I won’t spoil all of his remarks for you. I just wanted to provide a small portion here of Bilezikian’s analysis regarding the twelve apostles.

I read the excerpt provided above last night, and it got me to thinking more and more about the New Creation and the implications of New Creation Theology for ecclesiology (church practice).

And then, it hit me that this subject perfectly tied into Galatians 6. I’ll print the key verses for New Creation Theology here:

15For(A) neither circumcision counts for anything, nor uncircumcision, but(B) a new creation. 16And as for all who walk by this rule,(C) peace and mercy be upon them, and upon(D) the Israel of God. (Galatians 6:15-16, ESV)

Notice that Paul calls “new creation” a “rule,” which, as I’ve said throughout my series on New Theology, produces a “canon” (a measure) by which we determine our “canon” of Scripture.

But in verse 16, we read that Paul calls the Galatians “the ISRAEL of God.” What does this mean, to be called “the Israel of God”? The church consisted of Jew and Gentile, as the issue over circumcision and uncircumcision proves; so is Paul referring to just the Jews? Or is he referring to the Jews and Gentiles? The answer would be the Jews AND the Gentiles. Paul gives us this answer a few chapters earlier:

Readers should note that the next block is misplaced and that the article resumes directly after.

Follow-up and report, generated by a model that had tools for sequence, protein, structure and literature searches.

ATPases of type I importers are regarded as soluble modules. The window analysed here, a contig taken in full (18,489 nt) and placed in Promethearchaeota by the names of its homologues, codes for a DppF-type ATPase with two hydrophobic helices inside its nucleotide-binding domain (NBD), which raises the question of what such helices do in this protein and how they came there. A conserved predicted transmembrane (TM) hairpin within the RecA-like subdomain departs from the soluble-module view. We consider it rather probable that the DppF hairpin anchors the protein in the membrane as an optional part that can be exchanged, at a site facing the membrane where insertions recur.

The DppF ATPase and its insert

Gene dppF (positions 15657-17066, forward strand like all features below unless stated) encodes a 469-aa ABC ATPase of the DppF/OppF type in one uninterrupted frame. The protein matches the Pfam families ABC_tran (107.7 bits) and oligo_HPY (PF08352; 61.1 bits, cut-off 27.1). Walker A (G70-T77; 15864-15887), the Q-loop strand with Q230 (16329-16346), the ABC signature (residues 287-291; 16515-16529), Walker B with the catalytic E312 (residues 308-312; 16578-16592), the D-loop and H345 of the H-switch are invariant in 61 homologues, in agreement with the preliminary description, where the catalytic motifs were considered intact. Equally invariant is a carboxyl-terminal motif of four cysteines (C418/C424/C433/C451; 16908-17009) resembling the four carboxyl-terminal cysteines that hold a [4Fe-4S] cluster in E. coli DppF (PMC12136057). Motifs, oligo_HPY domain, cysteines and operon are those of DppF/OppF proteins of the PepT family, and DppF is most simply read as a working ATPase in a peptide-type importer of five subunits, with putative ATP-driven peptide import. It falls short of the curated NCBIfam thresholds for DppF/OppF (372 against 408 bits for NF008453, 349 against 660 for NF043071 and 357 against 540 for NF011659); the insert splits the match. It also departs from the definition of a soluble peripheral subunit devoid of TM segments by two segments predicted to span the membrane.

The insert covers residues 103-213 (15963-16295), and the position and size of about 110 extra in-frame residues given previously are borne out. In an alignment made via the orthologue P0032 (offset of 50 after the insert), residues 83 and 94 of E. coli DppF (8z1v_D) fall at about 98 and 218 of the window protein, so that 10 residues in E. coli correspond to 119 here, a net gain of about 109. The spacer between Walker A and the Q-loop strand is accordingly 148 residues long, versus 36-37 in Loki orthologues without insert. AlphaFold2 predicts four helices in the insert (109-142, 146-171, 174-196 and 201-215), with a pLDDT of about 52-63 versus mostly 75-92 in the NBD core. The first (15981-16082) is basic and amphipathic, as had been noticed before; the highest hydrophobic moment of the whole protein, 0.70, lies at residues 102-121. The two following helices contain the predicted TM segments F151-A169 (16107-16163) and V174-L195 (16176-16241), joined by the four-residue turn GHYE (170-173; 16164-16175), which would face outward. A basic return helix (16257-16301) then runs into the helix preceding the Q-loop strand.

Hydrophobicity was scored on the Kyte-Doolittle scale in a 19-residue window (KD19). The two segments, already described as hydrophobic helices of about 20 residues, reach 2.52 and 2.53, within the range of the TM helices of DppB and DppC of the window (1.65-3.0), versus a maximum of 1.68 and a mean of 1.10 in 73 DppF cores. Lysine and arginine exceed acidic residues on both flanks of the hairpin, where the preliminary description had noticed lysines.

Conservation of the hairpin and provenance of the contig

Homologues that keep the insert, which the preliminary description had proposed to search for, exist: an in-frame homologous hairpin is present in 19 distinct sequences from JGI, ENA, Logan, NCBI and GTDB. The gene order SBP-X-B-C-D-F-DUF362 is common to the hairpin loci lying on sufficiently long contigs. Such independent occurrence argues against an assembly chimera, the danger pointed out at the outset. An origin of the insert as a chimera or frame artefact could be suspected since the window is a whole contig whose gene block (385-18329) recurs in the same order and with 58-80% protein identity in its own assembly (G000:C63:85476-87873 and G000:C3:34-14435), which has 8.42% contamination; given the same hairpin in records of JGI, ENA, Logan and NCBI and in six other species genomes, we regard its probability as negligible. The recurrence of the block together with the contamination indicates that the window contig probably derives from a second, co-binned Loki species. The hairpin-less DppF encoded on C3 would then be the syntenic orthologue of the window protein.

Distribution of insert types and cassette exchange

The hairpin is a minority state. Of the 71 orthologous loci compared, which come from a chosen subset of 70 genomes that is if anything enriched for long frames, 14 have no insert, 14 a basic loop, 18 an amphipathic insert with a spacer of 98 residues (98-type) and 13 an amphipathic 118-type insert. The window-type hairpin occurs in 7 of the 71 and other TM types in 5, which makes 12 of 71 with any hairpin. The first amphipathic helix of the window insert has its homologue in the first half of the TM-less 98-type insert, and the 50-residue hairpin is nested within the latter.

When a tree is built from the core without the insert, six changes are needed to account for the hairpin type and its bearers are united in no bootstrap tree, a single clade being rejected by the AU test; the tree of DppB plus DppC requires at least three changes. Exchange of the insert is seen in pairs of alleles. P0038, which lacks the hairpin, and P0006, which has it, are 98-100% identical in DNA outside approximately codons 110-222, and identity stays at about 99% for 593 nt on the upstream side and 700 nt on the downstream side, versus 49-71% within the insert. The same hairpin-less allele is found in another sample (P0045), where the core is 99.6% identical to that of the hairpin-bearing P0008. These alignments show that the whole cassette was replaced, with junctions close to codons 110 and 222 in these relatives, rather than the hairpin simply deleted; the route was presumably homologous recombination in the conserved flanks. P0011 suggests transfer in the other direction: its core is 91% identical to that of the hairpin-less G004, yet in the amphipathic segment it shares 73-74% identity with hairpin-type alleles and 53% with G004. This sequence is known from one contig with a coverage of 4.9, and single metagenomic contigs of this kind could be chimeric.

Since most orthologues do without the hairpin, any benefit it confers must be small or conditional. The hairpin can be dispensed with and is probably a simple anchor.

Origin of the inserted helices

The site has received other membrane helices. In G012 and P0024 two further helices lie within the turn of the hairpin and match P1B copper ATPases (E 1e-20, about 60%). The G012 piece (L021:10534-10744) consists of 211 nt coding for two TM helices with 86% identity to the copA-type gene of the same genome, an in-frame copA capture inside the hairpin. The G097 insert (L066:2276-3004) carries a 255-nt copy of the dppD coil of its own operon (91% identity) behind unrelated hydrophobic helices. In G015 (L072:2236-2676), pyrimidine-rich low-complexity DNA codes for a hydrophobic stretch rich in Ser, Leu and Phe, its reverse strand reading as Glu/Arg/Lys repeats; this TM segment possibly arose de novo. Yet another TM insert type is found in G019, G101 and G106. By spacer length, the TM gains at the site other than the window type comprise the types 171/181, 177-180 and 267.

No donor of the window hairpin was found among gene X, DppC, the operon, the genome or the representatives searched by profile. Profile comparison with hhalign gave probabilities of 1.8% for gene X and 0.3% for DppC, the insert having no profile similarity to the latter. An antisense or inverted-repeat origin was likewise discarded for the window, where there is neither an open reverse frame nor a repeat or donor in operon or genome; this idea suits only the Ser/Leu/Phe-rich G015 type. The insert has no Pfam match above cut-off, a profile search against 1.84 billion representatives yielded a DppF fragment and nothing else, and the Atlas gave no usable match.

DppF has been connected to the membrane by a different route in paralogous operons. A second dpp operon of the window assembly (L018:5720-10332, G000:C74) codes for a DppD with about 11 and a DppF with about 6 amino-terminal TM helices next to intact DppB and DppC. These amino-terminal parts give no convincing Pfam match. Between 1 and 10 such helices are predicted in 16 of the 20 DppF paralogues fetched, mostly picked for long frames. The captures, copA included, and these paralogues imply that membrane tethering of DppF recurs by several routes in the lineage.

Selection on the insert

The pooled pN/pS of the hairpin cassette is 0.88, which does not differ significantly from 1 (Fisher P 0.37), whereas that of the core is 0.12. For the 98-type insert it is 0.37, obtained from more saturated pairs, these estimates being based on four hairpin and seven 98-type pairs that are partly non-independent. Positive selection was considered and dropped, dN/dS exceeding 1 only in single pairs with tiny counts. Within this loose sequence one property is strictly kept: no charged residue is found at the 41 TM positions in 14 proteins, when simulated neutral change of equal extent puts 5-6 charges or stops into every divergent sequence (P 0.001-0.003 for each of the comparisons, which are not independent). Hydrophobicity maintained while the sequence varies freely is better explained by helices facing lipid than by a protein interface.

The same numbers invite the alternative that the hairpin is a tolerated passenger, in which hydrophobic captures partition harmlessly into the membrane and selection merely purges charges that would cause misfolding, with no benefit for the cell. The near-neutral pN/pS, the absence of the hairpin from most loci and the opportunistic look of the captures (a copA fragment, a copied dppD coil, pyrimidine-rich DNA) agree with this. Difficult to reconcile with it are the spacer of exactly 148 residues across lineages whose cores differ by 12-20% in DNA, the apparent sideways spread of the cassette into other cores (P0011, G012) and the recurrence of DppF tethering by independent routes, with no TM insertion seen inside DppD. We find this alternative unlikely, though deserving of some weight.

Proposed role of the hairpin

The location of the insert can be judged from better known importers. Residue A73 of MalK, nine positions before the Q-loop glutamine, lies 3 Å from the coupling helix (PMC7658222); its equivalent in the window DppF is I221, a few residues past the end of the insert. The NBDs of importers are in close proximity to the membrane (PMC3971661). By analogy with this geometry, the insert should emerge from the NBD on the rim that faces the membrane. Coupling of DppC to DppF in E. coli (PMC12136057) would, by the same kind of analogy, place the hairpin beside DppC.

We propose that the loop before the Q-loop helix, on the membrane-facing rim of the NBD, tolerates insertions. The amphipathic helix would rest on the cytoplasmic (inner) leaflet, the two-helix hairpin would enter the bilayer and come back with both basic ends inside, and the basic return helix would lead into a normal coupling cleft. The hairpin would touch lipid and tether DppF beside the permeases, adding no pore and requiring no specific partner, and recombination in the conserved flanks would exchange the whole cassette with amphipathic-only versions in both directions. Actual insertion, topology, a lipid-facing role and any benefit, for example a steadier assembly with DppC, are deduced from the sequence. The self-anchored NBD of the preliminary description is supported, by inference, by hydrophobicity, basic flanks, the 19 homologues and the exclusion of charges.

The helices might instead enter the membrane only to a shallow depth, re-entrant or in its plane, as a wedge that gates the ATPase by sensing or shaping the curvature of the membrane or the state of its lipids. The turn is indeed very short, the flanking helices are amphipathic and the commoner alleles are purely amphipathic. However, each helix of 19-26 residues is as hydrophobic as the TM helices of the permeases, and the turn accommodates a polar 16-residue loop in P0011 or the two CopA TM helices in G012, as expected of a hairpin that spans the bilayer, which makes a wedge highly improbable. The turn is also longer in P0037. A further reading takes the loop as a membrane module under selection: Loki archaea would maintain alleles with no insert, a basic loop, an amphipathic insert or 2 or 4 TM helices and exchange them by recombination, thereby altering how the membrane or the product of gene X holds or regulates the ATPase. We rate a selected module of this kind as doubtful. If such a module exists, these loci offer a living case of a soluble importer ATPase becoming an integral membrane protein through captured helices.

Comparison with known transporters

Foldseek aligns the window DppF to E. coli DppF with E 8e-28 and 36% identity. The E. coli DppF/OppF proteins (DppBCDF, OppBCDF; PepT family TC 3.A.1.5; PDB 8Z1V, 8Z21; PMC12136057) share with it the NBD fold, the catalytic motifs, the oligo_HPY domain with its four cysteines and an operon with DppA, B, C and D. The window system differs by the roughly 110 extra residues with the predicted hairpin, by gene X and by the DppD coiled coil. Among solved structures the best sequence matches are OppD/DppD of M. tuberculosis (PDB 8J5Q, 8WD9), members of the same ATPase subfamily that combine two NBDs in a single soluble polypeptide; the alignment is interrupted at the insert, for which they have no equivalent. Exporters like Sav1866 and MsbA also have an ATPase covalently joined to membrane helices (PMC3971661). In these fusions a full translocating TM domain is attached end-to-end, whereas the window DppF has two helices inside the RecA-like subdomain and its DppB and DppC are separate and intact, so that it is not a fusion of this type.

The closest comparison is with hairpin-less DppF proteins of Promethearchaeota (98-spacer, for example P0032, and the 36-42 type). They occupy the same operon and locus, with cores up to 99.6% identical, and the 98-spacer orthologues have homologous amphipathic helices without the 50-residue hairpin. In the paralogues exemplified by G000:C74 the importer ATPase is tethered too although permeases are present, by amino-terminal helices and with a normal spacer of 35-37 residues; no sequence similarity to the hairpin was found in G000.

7Know then that it is(J) those of faith who are(K) the sons of Abraham. 8And the Scripture, foreseeing that(L) God would justify[c] the Gentiles by faith, preached the gospel beforehand to Abraham, saying,(M) "In you shall all the nations be blessed." 9So then, those who are of faith are blessed along with Abraham, the man of faith. (Galatians 3:7-9, ESV)

First, Paul stated that “those of faith,” those who believe in Christ, are Abraham’s children. Second, Paul tells us that God’s Word pointed to the salvation of the Gentiles. How so? “The Scripture…PREACHED THE GOSPEL BEFOREHAND to Abraham, saying, ‘IN YOU SHALL ALL THE NATIONS BE BLESSED’.” If you go back to Genesis 12:3, you’ll find this Scripture reference where God tells Abraham these words. It’s funny how we often take the words of Genesis 12 and throw them to the Jews. Most of us (me included), before reading Galatians 3, believed that Abraham’s blessing would be the Jews. I never once thought that the Gentiles would fall under the same umbrella…